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Bible Maths

Hey! So today, I’m taking a break from the CoQ series to talk about another subject that I like – Maths. Which means that sometimes when I read the Bible, my brain does a number on the numbers! Lol… I’m just going to share a few things I’ve noticed and I’m sure there are many. But these are some of the ones that readily come to mind. Enjoy!!

Pastor Nathaniel Bassey of the Imela song fame, regularly hosts the Hallelujah Challenge that runs from 7 – 21 days. One of the key scriptures is Acts 16:25, which tells of how Paul and Silas prayed and sang praises to God at midnight. If you’ve never read the story, it’s a great one to read.

So I see those numbers, and guess what comes to my mind? Consecutive Square Numbers!! Lol… 4²= 16 and 5² = 25!! And that’s how I remember the chapter and verse numbers!

Another one is in Deuteronomy 32:30, which talks about one chasing a thousand, and two chasing ten thousand. Immediately, my brain thinks this: then how many would three chase?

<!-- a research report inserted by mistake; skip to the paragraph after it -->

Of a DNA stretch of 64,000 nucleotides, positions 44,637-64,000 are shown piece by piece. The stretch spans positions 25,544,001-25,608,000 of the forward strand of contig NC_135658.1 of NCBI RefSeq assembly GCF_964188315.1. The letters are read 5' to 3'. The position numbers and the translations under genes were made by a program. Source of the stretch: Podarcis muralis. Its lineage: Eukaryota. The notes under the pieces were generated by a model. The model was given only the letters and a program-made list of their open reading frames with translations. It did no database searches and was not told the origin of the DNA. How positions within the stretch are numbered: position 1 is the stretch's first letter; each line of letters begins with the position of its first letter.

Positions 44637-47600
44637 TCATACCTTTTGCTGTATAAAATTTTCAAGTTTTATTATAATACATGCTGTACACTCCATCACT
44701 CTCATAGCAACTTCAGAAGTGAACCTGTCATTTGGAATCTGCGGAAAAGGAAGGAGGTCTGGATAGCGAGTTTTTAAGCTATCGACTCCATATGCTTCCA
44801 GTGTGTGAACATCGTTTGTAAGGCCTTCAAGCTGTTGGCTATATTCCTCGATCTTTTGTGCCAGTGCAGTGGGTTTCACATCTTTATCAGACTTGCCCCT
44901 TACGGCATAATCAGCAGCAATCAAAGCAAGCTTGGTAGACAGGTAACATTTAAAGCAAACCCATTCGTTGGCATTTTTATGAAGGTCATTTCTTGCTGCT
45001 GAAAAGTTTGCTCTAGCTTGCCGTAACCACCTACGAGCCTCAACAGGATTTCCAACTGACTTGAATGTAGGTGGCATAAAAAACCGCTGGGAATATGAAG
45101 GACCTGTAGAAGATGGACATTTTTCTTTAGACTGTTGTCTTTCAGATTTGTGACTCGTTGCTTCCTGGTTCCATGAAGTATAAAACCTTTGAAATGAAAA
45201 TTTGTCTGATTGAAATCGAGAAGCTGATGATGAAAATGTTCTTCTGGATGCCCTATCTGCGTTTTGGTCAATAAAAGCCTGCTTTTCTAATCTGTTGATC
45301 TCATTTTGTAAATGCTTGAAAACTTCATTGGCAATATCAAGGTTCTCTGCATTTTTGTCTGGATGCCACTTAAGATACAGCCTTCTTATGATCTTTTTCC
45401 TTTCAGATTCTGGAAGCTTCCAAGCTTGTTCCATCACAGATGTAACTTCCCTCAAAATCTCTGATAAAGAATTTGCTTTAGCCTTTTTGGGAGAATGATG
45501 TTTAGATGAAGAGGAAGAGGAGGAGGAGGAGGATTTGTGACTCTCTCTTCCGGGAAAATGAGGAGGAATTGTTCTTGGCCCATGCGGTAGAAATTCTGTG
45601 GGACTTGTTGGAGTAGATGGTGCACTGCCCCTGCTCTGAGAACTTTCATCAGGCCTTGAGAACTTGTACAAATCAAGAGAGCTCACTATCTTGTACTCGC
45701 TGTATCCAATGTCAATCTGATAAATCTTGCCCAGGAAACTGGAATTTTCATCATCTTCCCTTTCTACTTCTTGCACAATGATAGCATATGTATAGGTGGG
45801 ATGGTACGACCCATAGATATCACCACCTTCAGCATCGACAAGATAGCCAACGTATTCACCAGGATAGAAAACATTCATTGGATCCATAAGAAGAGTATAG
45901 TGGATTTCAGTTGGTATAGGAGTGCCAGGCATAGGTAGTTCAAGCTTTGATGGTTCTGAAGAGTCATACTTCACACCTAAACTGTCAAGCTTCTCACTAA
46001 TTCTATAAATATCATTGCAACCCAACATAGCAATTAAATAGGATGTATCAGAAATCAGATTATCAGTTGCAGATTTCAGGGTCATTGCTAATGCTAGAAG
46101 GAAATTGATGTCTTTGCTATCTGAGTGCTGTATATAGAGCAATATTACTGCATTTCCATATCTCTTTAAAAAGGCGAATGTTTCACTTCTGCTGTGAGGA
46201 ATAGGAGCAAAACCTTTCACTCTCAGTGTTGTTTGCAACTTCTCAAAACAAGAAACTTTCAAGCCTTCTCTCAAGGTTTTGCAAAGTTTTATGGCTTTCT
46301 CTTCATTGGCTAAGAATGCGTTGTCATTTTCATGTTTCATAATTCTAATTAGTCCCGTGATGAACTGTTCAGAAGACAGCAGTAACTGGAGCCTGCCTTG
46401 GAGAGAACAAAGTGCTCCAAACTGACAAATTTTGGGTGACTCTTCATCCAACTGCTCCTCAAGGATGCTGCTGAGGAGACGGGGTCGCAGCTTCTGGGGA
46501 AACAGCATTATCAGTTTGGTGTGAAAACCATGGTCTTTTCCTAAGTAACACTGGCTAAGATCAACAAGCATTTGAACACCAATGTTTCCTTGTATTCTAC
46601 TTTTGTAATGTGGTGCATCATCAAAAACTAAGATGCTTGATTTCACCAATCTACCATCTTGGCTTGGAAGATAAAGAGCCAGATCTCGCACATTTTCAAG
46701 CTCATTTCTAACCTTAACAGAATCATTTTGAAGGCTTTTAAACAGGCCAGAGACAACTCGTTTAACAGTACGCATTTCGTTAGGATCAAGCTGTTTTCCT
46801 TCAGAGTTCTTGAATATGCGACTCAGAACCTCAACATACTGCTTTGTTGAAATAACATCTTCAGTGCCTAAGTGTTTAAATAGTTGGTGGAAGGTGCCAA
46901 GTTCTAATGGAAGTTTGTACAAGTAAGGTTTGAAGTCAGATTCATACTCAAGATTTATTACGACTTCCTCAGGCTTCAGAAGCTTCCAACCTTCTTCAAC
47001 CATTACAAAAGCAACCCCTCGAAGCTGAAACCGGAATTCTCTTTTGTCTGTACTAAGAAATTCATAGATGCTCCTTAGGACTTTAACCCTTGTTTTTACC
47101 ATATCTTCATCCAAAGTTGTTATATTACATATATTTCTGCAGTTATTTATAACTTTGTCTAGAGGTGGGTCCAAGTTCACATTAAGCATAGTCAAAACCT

Let’s do some maths. If one is to 1000, two to 10,000, then three can be to 100,000 if we multiply by 10 each time. This is called Geometric Progression if you’re interested in the official maths language. It could also be an Arithmetic Progression, which means you’re adding 9,000 each time. This means 3 would chase 19,000. But I like the first option. As I believe that’s more in line with the nature of God.

Remember the multiplication of the 5 loaves and 2 fishes to feed 5000 men, not counting women and children.

Another one is the verse in 2 Peter 3:8, which tells us a day is with the Lord as a 1000 years. Again, I think what is 1 hour with Him like then?

For easy calculations, let’s assume there are 25 hours in a day (to avoid decimals!). So if 1 day = 1000 years, then 1 hour = 40 years, then 1 minute = 8 months! Since there are 60 minutes in 1 hour and 12 months in a year.

If all that went over your head, maybe you should have paid more attention in school!! Lol…

And lastly, I remember when I took a huge part of my quiet time to compare the maths involved in the two accounts of Jesus feeding the multitudes. One, He fed 5000 men (minus women and children) with 5 loaves and 2 fishes, 12 baskets left over. Two, He fed 4000 men (not counting women and children) with 7 loaves, with 7 baskets leftover.

I wish I could find my journal where I spent a considerable amount of time doing some proportionality maths!

Anyway, that would be all for today folks! I hope you at least smiled at the way my mind works sometimes.

To your embrace of things you love, . . .

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